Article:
8. David Conwill

    David Conwill Call Me a Cab

    Messages:
    2,773
    Location:
    Bennington, VT 05201
    I've always enjoyed Austin Sevens. Their U.S. counterpart, the American Austin, was a staple of 1930s amateur road racing here, and I wouldn't hate owning an Austin-based special--though the hills around here might be a challenge. We have a Bantam roadster in the museum here and I am impressed by how roomy it is inside, even for a six-footer like me. Though the gear-shift lever could stand a little bend to the right for knee clearance.
     
    Zombie_61 likes this.
  9. GHT

    GHT I'll Lock Up

    Messages:
    6,064
    Location:
    New Forest
    The glorious weather is certainly bringing the classics out. I took the MG out for a spin and stopped off for some provisions.
    Same supermarket different car. A Morris Eight.
    Morris 002.JPG
     
  10. 2jakes

    2jakes I'll Lock Up

    Messages:
    9,680
    Location:
    Alamo Heights ☀️ Texas
    Ford in a crate!
    Some assembly required!
    B21C3C1C-4174-42C0-AD2D-A95D268A7323.jpeg

    28F25E5A-8450-45FC-886A-CA0B5C3438B8.jpeg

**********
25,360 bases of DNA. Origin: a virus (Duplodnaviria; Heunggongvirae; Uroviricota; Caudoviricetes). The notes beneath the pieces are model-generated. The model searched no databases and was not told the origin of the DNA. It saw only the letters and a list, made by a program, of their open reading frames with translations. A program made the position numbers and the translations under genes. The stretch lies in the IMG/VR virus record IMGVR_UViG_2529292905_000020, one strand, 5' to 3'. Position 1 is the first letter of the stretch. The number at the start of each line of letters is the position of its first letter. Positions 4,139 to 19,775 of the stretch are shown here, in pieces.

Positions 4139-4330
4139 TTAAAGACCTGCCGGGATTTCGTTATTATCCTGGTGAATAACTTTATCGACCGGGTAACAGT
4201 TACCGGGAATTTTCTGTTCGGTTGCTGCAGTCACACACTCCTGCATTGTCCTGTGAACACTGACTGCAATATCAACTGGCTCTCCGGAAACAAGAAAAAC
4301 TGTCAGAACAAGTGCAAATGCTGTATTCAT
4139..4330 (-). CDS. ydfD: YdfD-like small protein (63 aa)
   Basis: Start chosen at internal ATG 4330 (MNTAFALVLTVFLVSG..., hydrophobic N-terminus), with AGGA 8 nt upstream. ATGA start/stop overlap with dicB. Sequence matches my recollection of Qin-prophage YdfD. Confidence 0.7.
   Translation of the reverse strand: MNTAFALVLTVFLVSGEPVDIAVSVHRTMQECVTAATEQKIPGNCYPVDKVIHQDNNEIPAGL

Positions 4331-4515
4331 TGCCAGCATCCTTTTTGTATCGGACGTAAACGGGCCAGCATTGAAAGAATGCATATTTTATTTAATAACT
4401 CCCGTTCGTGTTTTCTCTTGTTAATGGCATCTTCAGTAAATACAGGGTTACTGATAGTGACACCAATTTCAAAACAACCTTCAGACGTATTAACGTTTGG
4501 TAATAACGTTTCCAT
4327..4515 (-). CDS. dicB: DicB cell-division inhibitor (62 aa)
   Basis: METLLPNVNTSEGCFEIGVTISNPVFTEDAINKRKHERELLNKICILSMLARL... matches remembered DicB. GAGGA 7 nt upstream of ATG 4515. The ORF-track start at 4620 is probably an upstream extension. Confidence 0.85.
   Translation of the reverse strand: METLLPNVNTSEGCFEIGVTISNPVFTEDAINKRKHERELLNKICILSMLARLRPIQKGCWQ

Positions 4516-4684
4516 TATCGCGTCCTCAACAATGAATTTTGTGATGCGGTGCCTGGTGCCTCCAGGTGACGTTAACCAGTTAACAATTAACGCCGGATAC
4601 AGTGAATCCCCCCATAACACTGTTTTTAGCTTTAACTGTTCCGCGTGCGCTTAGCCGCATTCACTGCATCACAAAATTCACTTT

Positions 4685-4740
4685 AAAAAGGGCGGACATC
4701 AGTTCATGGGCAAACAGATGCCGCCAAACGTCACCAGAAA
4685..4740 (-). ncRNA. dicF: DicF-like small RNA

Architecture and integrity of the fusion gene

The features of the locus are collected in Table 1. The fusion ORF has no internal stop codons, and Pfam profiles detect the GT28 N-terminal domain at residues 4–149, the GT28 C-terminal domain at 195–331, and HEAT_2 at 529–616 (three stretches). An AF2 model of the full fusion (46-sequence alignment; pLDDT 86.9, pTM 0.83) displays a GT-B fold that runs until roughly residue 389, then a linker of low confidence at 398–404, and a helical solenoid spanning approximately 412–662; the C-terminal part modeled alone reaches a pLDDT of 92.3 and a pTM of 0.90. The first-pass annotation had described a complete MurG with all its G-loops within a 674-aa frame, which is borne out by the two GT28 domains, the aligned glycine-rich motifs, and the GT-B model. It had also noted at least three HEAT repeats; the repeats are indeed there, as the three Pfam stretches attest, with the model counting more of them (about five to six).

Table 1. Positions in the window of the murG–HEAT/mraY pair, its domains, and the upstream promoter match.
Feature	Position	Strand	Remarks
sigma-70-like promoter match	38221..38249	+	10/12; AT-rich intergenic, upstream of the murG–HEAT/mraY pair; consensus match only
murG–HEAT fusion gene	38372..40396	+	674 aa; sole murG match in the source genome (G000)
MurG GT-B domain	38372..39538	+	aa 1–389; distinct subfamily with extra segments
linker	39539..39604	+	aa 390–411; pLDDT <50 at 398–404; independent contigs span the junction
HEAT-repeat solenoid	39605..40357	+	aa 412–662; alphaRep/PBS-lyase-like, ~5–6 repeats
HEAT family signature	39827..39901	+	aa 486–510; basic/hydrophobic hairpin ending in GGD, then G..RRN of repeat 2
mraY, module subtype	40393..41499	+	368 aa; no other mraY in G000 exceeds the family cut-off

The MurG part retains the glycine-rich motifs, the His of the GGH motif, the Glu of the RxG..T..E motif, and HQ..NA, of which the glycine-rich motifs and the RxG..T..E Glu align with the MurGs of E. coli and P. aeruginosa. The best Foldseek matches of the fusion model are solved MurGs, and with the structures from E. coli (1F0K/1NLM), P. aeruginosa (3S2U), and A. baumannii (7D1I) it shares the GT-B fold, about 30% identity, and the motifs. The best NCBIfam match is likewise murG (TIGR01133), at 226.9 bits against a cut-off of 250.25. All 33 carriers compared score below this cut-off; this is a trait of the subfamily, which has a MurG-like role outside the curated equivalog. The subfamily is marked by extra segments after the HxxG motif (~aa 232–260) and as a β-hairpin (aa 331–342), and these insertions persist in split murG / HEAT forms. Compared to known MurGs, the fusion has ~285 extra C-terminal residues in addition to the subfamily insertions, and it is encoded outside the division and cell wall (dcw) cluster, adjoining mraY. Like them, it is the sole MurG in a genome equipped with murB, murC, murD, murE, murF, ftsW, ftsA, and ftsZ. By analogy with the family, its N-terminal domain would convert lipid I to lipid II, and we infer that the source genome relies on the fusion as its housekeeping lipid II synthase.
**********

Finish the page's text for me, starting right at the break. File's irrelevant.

11. GHT

    GHT I'll Lock Up

    Messages:
    6,064
    Location:
    New Forest
    Today the starting handle to crank the engine over is seen as as a source of amusement, but anyone who can do their own servicing and repairs, know that turning the engine by hand is still the easiest way of locating, top dead centre.
     
    Zombie_61, BobHufford and 2jakes like this.
  12. Zombie_61

    Zombie_61 I'll Lock Up

    2jakes likes this.
  13. 2jakes

    2jakes I'll Lock Up

    Messages:
    9,680
    Location:
    Alamo Heights ☀️ Texas
    Those are cousins! :D
    C94914C7-6992-4904-A435-AE6E47705AD4.jpeg
     
    Zombie_61 likes this.
  14. Zombie_61

    Zombie_61 I'll Lock Up

    If you're referring to the gents in the photo you posted above, fair enough. But if you're referring to The Boys, Shemp, Moe, and Curly, were brothers.
     
  15. GHT

    GHT I'll Lock Up

    Messages:
    6,064
    Location:
    New Forest
    Brothers they might be, but car mechanics................
    Stoogies.jpg
     
    Zombie_61 and AbbaDatDeHat like this.
  16. Edward

    Edward Bartender

    Messages:
    20,088
    Location:
    London, UK
    I remember reading a story in the early 90s about a guy in LA who rebuilt a Minor 1000 convertible with an auto-box and drove it daily on the LA Freeway. Great part of the world for regularly driving vintage, of course, as the climate helps avoid the demon rustmoth....

    That's a story I've never heard before - interesting. I wonder did the term develop along the same lines as Alasatian instead of German Shepard?